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As the Bay Area prepares for climate change and the impacts of sea level rise, the development planned for Treasure Island—incorporating innovative strategies for urban agriculture, sustainability, sea level rise, and environmental stewardship—is one forward-looking project.
Join us in exploring the participation of artists in developing climate adaptation solutions. We'll present the objectives of the Treasure Island Art Program, give a view of the landscape architecture plan for Treasure Island, and introduce a series of conversations about the role artists who work with long-term ecologies could play in considering landscapes in transition and climate adaptation. These discussions help lay the groundwork for future potential commissions for environmental art projects through the Treasure Island Art Program.
This program is presented in collaboration with the Treasure Island Development Authority, The San Francisco Art Commission, and the Exploratorium.
Fei Tsen is the president of the Board of Directors of the Treasure Island Development Authority (TIDA) and the CEO of Windflower Properties. As a civic leader and private entrepreneur, she has guided projects that have transformed industrial and waterfront land for recreational, affordable housing and community use.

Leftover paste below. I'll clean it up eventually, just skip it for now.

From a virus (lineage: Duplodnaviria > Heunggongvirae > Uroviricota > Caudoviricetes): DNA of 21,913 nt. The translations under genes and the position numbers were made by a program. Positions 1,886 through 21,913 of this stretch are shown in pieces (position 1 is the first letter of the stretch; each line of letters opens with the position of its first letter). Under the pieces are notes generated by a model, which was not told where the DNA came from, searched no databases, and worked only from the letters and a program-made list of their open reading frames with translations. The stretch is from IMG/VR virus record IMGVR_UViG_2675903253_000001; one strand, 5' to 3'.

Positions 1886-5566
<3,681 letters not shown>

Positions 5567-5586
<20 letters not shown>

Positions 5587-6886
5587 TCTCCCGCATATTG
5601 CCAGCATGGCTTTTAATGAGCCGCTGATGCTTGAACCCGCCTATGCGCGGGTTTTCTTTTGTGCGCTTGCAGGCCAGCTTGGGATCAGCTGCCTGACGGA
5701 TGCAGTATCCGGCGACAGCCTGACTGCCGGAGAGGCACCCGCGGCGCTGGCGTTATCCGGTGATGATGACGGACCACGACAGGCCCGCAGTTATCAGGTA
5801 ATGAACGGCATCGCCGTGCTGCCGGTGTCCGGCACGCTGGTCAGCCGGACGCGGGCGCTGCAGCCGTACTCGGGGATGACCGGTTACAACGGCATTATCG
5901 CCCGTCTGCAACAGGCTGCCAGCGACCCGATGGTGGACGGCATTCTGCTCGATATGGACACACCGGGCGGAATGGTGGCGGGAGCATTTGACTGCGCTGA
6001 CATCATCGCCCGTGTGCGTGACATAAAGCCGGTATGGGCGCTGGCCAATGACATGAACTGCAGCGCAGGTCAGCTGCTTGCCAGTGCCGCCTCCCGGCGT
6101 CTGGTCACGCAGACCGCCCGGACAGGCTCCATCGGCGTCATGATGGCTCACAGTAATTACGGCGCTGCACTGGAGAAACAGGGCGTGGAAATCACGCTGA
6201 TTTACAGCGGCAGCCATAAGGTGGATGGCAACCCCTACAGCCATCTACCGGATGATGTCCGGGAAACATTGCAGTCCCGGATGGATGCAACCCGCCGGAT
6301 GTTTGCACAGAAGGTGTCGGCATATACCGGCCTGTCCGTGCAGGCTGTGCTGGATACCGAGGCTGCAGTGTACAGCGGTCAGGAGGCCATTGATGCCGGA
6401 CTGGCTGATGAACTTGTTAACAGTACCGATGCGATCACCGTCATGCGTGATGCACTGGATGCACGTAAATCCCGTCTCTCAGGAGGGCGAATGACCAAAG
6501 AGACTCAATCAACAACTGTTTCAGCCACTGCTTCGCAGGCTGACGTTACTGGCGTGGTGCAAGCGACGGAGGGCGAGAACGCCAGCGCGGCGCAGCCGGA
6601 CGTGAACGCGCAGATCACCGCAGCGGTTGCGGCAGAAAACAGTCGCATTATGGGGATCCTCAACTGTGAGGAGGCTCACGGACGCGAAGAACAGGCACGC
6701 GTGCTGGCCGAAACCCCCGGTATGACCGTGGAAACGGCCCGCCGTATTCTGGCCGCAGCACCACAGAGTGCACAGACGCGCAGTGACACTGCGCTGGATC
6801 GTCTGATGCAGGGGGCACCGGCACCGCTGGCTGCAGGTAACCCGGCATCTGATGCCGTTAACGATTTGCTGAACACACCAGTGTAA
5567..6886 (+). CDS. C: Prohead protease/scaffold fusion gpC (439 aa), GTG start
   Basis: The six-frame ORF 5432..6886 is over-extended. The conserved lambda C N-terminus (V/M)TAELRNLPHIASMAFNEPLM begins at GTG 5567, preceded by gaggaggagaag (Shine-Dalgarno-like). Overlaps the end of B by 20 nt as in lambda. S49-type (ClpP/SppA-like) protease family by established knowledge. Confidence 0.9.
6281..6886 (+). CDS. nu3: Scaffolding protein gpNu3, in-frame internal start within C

Jill Manton is the director of the Public Art Trust and special initiatives at the San Francisco Arts Commission. She procured approval from the Treasure Island Development Authority to repurpose funds from the Treasure Island development project to establish the Treasure Island Art Program.
Kevin Conger is a founding partner of CMG Landscape Architecture, whose mission is to increase social and ecological wellbeing through artful design. Kevin has been leading the open space planning on Treasure Island for the last 17 years.
Jessica Fain is the planning director for the Bay Conservation Development Commission. She provides guidance to the Adapting to Rising Tides program, updates to the San Francisco Bay Plan, and currently coordinates the Bay Adapt planning process.
Lauren Bon is an environmental artist from Los Angeles. Her practice, Metabolic Studio, explores self-sustaining and self-diversifying systems of exchange that feed emergent properties that regenerate the life web. Her studio’s current work, Bending the River Back into the City, aims to deliver 106 acre-feet of water annually from the LA River to the historic core of downtown LA.
Buster Simpson is a visual artist and sculptor who employs multiple metaphors of meaning —creating ecological works both for the present and the dynamic future. Simpson works with a site’s contextual resources and engages social actions and sustainable opportunities. He often works in the public realm, establishing conceptual armatures considering place, process, and infrastructure